One of the hottest head-coaching candidates in the NFL pulled a surprise.
Ken Whisenhunt, whose playoff run with the San Diego Chargers ended less than 24 hours ago, has settled on a new team, and it's not the team many people expected. As first reported by ESPN's Chris Mortensen, and later confirmed by the Tennessee Titans, Whisenhunt has agreed to become the team's 17th head coach in franchise history.
The Titans made the decision on Tuesday. They had a final interview with Cincinnati Bengals defensive coordinator Mike Zimmer, who was the runner-up for the job, and settled on Whisenhunt.
Half the betting world expected Whisenhunt to take what many people believed to be the most choice NFL gig out there, that of the Detroit Lions. Apparently, Whisenhunt disagreed with that assessment. Although he talked in depth with the Lions about their open position, it was not his pick when the red carpet was rolled out for him, according to NFL Network's Ian Rapoport.
So the Titans — with an unsettled front office and ownership, no clear-cut quarterback of the future and an unhappy Chris Johnson — are the team that Whisenhunt chose. It's a fascinating situation. This is a massive win for a team that appears solid defensively and has had good support when it has been competitive, but the Titans have been wading around the .500 mark for the past five seasons since they last made the playoffs in 2008.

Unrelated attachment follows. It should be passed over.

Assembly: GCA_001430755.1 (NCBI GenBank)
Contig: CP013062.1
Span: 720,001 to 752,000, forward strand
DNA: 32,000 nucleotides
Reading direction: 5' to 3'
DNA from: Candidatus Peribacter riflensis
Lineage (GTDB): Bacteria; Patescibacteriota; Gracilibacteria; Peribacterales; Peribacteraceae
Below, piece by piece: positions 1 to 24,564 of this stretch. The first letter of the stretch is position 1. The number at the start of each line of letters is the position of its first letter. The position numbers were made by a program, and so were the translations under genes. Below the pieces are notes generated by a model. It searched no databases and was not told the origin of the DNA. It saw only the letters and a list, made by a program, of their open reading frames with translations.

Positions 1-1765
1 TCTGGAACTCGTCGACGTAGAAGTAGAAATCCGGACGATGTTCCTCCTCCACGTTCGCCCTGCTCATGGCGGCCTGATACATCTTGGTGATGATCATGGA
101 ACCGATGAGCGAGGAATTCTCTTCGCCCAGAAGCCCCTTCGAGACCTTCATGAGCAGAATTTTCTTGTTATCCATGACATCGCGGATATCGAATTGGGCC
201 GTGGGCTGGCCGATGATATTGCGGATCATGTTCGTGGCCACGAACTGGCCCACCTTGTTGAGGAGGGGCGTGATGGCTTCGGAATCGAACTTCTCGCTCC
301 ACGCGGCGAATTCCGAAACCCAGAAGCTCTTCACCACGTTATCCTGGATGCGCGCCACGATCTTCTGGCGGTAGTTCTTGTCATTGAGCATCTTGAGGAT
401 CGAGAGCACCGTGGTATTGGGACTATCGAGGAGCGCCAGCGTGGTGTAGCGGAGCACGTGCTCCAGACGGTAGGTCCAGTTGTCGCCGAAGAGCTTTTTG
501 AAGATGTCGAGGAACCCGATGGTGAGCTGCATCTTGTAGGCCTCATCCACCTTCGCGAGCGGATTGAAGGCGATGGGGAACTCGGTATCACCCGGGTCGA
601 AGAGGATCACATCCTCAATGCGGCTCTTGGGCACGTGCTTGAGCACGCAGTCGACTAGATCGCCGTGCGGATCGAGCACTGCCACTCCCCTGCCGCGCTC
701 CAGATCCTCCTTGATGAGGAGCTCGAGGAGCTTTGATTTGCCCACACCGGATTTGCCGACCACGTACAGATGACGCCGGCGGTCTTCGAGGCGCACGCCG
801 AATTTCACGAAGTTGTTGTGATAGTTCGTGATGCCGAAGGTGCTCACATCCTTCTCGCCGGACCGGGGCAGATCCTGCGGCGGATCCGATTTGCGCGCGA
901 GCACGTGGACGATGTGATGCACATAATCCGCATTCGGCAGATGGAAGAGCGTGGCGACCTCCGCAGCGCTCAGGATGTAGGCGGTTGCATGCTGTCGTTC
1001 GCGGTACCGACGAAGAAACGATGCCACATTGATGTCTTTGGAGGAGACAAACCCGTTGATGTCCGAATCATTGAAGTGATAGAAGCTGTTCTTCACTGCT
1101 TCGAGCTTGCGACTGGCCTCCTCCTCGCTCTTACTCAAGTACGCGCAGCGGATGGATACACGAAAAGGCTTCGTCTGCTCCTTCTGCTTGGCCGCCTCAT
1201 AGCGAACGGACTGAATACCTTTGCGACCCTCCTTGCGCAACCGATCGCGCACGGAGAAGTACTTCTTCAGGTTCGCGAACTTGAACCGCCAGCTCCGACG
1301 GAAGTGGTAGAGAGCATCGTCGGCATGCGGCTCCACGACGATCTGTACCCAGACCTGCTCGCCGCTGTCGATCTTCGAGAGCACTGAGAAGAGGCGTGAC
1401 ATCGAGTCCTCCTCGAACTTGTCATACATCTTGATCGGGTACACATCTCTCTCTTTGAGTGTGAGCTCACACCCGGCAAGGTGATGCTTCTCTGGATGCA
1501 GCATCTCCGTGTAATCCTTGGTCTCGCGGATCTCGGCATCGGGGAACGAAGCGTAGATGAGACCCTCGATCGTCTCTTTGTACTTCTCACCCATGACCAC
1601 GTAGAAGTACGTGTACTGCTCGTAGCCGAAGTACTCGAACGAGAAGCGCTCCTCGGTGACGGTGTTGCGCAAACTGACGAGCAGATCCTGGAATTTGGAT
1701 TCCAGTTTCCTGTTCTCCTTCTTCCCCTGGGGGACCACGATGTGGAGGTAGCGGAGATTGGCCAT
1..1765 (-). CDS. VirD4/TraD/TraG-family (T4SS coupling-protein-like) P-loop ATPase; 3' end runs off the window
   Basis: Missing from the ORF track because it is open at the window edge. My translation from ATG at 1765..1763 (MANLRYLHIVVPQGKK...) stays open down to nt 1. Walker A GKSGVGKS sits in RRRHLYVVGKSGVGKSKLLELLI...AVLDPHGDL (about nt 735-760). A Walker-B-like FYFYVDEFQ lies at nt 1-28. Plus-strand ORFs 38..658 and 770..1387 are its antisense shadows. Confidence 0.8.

And what does this say of the Lions' gig? Jim Caldwell might be a fine fallback option, or perhaps Mike Munchak, with both having been former head coaches with solid resumés. However, the fact that Whisenhunt turned down the chance to coach a franchise-caliber quarterback, the best wide receiver in the game and other talented parts — seemingly more talented than the team he picked — is alarming to say the least.
Whisenhunt was a successful offensive coordinator this season with the Chargers, helping revive Philip Rivers' career, and previously with the Pittsburgh Steelers, with whom he won a Super Bowl. He also made a Super Bowl in between those jobs as the head coach of the Arizona Cardinals, of whom he became the winningest coach all time with a mark of 45-51 in six seasons from 2007 to 2012. But in those six seasons, he had only two losing records and made the playoffs twice.
What does this mean for Johnson or Jake Locker? Too early to tell on either one. But both positions are likely to see some new faces for sure. Whisenhunt might like Locker, but the Cardinals drafted Patrick Peterson ahead of Locker in 2012, for what it's worth.
- - - - - - -
- Sports & Recreation
- American Football
- Ken Whisenhunt
- Chris Mortensen
- Mike Munchak
- Detroit Lions
- Jim Caldwell